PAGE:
One of the greatest threats to your emotional health is hurtful words from people you care about.  It’s one thing for a stranger to hurt your feelings by dismissing your art; it’s quite another to hear from a parent that it’s no good. Nobody wants to be compared; but when it’s your own kids comparing your cooking to the gourmet meals in their schoolmate’s home, you can’t help but fight back the tears. And the silence from people whose opinion matters to us can be more devastating than a thousand curse words.

You can’t just sit back and accept something that drains you of self-esteem. So how do you tell loved ones they’re being hurtful?

Consider the following tips:

Start with a subtle hint. When correcting loved ones, there’s the risk of offending or hurting them back. This is especially true when the other person has no idea they’re being hurtful; for instance a parent who thinks that he or she is merely offering constructive criticism. Perhaps it’s best to employ a ladder of escalation, and begin with a subtle hint. Start by making a light joke of it; see if they can pick out what’s between verses. “Mom, if you keep it up, I might start feeling bad.” If such jokes are out of your character, then loved ones may see that something is not right and make the appropriate response.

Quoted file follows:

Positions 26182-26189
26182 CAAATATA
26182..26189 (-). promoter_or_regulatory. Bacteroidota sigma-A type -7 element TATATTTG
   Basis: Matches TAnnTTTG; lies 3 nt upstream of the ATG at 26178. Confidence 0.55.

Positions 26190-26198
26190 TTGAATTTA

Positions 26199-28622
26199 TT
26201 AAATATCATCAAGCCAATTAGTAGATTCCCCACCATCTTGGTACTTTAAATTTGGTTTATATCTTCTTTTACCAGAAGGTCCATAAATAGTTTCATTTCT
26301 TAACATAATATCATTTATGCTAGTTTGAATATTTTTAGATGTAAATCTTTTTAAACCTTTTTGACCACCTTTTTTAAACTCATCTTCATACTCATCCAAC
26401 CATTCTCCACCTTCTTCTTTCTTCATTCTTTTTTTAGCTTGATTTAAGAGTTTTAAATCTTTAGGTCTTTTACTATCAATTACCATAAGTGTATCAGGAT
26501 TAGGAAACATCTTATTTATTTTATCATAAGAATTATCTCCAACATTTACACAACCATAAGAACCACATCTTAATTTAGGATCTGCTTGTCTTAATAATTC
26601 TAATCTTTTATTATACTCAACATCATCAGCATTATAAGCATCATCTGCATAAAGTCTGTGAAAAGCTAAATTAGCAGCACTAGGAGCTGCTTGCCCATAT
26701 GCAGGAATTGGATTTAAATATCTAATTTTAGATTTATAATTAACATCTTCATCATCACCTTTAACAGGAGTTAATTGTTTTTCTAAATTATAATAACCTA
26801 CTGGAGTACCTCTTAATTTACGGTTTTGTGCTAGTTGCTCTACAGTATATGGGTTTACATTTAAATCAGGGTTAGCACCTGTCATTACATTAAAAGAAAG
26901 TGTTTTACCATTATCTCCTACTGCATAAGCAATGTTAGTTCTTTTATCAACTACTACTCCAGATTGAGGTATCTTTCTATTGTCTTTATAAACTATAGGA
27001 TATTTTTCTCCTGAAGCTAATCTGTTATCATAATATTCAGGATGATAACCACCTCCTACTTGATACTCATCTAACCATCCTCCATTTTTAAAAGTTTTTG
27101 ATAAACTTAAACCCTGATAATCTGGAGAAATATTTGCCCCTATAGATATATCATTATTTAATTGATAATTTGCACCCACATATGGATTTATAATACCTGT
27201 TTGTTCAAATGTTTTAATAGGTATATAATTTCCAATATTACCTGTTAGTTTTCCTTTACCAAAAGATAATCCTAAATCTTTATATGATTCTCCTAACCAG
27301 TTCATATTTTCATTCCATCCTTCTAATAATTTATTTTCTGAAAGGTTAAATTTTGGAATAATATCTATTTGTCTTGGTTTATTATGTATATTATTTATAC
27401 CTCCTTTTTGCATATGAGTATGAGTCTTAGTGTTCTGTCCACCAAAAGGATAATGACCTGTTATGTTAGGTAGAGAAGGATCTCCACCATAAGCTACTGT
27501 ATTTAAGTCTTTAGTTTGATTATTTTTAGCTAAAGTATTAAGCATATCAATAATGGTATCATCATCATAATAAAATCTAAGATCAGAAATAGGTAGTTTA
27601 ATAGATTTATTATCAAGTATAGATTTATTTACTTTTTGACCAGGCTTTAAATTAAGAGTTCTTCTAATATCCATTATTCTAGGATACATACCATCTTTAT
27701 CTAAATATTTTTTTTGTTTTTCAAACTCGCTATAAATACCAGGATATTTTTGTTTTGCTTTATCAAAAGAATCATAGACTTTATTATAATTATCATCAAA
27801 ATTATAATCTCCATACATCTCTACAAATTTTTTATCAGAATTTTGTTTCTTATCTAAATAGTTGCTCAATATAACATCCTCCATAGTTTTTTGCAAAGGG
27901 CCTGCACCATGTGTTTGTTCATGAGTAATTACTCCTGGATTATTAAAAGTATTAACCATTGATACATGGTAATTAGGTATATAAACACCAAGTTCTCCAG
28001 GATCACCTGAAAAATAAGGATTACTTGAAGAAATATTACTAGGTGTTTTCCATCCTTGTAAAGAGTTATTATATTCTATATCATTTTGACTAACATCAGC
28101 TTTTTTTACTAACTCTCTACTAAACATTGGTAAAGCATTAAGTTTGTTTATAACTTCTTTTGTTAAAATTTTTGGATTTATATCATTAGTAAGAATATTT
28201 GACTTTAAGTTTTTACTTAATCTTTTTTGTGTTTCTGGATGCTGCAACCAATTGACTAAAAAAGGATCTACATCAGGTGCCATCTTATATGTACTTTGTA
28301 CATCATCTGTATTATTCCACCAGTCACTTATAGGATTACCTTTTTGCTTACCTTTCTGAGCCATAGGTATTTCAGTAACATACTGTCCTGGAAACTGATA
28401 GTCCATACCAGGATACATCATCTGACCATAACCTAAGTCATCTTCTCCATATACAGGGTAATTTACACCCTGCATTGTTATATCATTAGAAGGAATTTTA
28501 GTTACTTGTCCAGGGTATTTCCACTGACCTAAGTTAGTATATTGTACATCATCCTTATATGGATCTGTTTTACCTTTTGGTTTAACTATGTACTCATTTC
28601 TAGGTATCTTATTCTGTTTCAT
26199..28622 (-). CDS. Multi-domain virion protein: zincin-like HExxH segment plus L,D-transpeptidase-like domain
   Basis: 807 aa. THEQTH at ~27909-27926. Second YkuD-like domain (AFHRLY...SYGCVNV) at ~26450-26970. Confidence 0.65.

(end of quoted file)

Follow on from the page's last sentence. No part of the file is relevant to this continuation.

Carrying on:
Communicate your hurt assertively. But what if a subtle hint isn’t strong enough to get the message across? Then perhaps it’s time to just come out and say it. Find a quiet and private place conducive for heart to heart conversation, and share with your loved one (1) what exact behavior you find hurtful, (2) how the behavior hurts you and (3) what you would rather have instead. For instance, you can say: “You know Dan, when you keep on working on your car even when I’m talking to you, I feel like I’m not important to you at all. I’d rather that you give me your full attention when we’re speaking to one another.” Simple, no blaming and direct to the point.

Be open to your faults as well. Open communication should be part of a family’s culture, not a onetime event. Once you have communicated your feelings of hurt, invite your loved one to tell you if there are things that you do that they would like corrected as well. For all you know, your loved one is also harboring a lot of resentment over the years, and could use some air-clearing exercise. Encouraging loved ones to communicate with you about their hurts can also be an opportunity for you to model how to positively respond to heartfelt disclosures.

Lastly, be patient with the results. There are occasions, when even assertive communication will not result in change. If this is the case, practice patience. Have hope. Sometimes it might take awhile before messages to sink in, especially when the other person can’t appreciate your point of view. The best part is: you already have the satisfaction of having communicated your feelings — you can now stop letting the behavior affect you. The ball is in your loved one’s court, so to speak, so have hope that they’ll soon respond positively.